Inadequate Newbuild Supervision Leads to Claim
International Transport Intermediaries Club (ITIC) says a recently concluded claim brought against a newbuilding supervisor helps illustrate the level of diligence which might realistically be expected of such a specialist service provider.
In the latest issue of its Claims Review, ITIC cites the case of a newbuilding supervisor appointed by a technical management firm to oversee the building of a number of chemical carriers. A dispute arose concerning two hulls which were scheduled for delivery in early 2009. In his monthly report for December 2008, the newbuilding supervisor stated, “There are no known matters at this stage with regard to the construction and commissioning of the hulls which may affect the scheduled target date”. On the basis of this report, the technical manager nominated the two vessels as performing vessels under a contract of affreightment.
Upon completion of sea trials, deficiencies were identified relating to the tank coating of the first vessel. An independent surveyor was appointed and reported that the tanks were badly corroded. It appeared that some remedial action had been taken by the yard to cover up poorly adhering paint. In respect of the second vessel, deficiencies were found in the form of ‘mud cracking’ in the tank coating, and there was further evidence that the yard had covered up areas of poorly adhering paint. The delivery of both vessels was delayed by two months until later in 2009 as significant work had to be carried out re-blasting and re-coating all cargo tanks on both vessels.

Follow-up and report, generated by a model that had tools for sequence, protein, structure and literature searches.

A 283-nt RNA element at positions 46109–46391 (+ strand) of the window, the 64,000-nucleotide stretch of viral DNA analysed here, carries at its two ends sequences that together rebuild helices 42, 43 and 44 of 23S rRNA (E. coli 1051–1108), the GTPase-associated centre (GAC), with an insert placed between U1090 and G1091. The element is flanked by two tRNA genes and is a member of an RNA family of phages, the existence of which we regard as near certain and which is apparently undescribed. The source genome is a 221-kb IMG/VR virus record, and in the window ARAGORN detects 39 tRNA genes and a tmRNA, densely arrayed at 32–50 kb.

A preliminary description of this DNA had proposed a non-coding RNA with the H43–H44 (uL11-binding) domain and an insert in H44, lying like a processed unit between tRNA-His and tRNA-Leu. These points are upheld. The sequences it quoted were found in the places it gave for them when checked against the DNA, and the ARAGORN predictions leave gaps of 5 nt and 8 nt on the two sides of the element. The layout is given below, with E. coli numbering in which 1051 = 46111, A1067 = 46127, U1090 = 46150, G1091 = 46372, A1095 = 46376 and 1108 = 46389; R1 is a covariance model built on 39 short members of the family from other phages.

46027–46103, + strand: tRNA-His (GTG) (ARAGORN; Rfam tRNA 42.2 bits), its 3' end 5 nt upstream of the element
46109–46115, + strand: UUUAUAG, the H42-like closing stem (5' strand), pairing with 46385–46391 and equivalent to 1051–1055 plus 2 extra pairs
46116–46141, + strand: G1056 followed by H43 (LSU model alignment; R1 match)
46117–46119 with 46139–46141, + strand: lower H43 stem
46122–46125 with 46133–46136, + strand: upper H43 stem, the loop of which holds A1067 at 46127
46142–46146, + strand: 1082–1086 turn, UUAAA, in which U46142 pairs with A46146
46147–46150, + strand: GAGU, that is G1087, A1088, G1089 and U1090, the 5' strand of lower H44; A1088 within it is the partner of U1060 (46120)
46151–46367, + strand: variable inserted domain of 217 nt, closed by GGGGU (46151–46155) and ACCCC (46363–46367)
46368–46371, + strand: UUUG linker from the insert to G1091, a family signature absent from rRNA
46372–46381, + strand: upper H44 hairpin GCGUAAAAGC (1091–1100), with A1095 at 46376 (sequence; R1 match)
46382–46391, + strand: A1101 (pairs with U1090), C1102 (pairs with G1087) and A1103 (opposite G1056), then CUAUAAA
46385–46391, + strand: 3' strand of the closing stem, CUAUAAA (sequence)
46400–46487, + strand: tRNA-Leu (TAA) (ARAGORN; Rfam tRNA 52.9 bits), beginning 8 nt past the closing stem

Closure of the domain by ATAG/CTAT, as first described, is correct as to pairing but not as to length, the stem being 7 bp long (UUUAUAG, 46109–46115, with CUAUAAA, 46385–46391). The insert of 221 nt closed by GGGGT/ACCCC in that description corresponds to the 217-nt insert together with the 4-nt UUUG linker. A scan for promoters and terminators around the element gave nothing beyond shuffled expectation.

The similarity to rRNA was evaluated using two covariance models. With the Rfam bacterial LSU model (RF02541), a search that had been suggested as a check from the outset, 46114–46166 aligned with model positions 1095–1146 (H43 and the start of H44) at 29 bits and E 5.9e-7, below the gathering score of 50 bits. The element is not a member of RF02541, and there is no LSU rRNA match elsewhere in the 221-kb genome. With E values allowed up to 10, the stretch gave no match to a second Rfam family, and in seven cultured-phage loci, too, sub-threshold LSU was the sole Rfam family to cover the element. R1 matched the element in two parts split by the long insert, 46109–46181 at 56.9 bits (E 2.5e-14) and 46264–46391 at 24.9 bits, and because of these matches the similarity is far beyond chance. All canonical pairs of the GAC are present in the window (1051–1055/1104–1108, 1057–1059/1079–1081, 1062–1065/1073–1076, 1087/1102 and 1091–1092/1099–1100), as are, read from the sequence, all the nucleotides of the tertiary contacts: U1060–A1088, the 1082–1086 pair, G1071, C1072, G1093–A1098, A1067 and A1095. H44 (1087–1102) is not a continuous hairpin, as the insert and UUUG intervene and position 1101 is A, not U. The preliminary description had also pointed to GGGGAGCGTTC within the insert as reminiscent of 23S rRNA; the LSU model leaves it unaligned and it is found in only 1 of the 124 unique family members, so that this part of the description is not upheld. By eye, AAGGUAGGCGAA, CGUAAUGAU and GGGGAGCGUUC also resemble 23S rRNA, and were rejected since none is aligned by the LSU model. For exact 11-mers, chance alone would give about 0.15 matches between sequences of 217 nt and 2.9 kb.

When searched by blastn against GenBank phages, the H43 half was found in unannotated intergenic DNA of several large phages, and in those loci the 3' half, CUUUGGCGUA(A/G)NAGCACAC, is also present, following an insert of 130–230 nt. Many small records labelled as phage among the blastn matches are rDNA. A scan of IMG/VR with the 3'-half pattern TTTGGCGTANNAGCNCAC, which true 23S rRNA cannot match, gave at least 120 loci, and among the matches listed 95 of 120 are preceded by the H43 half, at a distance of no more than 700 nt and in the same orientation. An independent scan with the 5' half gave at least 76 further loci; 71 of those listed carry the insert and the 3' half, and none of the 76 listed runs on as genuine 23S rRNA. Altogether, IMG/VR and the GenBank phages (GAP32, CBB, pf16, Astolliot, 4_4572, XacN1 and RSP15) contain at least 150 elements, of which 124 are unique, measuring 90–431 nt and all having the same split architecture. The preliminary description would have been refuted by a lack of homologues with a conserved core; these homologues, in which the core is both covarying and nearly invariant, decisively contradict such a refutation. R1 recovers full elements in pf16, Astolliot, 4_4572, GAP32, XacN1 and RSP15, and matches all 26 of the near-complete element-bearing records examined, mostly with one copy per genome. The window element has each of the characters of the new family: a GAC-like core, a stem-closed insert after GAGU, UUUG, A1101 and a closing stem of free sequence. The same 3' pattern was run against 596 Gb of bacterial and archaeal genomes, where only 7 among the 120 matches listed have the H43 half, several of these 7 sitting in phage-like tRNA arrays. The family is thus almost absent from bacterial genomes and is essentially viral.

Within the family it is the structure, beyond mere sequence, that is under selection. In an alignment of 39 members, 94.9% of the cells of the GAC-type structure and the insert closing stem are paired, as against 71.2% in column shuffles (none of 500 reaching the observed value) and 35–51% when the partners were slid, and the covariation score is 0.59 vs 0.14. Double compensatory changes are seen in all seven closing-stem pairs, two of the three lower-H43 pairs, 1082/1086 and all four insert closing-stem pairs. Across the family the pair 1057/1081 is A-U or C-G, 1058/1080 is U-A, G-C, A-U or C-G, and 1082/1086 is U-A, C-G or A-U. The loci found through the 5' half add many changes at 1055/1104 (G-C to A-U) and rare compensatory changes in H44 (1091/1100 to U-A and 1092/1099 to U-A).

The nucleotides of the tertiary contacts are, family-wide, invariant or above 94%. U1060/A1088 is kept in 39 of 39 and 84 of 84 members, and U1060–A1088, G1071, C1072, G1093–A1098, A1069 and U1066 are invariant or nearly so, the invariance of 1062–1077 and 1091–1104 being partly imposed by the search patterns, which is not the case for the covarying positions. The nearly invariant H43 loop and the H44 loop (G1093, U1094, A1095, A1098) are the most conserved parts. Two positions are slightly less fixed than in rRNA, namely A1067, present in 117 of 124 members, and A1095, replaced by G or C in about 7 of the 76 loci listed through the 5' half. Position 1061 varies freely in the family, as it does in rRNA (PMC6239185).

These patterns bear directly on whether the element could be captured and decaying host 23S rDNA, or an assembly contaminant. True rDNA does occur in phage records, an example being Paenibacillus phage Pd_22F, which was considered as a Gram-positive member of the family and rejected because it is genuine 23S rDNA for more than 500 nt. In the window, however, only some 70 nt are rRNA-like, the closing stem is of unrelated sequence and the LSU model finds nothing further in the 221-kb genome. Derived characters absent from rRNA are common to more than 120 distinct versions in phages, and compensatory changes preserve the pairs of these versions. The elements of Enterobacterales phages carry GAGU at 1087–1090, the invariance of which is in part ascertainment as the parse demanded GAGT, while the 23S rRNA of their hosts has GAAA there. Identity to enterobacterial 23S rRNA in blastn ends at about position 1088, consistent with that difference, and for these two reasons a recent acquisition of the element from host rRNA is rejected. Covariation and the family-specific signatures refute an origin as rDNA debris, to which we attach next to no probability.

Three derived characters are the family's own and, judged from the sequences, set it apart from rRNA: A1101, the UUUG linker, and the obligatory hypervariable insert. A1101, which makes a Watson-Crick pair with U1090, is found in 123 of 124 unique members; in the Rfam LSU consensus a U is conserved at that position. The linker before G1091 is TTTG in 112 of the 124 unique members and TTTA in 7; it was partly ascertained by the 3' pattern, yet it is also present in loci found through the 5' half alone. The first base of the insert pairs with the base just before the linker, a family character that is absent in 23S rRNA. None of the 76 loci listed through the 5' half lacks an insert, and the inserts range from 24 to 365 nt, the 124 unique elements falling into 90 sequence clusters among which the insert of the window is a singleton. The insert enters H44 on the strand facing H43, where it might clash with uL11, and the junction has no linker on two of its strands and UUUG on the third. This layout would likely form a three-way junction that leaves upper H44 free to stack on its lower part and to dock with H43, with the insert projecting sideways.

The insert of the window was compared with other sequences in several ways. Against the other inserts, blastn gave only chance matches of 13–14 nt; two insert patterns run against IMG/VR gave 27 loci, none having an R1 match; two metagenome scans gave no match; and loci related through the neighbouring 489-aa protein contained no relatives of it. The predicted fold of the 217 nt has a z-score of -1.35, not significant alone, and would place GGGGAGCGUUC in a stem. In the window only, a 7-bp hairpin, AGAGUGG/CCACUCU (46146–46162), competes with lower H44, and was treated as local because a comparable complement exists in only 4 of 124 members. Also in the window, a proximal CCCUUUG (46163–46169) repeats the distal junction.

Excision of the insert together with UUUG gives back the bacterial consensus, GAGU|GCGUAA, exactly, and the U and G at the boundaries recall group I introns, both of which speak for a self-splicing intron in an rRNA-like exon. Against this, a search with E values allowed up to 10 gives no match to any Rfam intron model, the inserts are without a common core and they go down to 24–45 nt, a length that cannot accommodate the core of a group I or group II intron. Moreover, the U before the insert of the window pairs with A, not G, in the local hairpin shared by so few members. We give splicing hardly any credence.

The technical manager brought a claim against the newbuilding supervisor for losses of $830,000. The newbuilding supervisor argued that the defects only became apparent at the sea trials and that he was not responsible for the yard’s failure to properly apply the paint. ITIC says, “The main point at issue was what could realistically be detected by a newbuilding supervisor.”
A key concern was in relation to one of the hulls, as the mud cracking and unauthorised repairs were evident in 20-30 per cent of the total tank area. It became apparent that the newbuilding supervisor had possibly failed in his duty to adequately supervise the newbuilding, especially in failing to detect the yard’s attempt to cover up poorly adhering paint. Negotiations to settle the claim led to final agreed compensation in the amount of $350,000.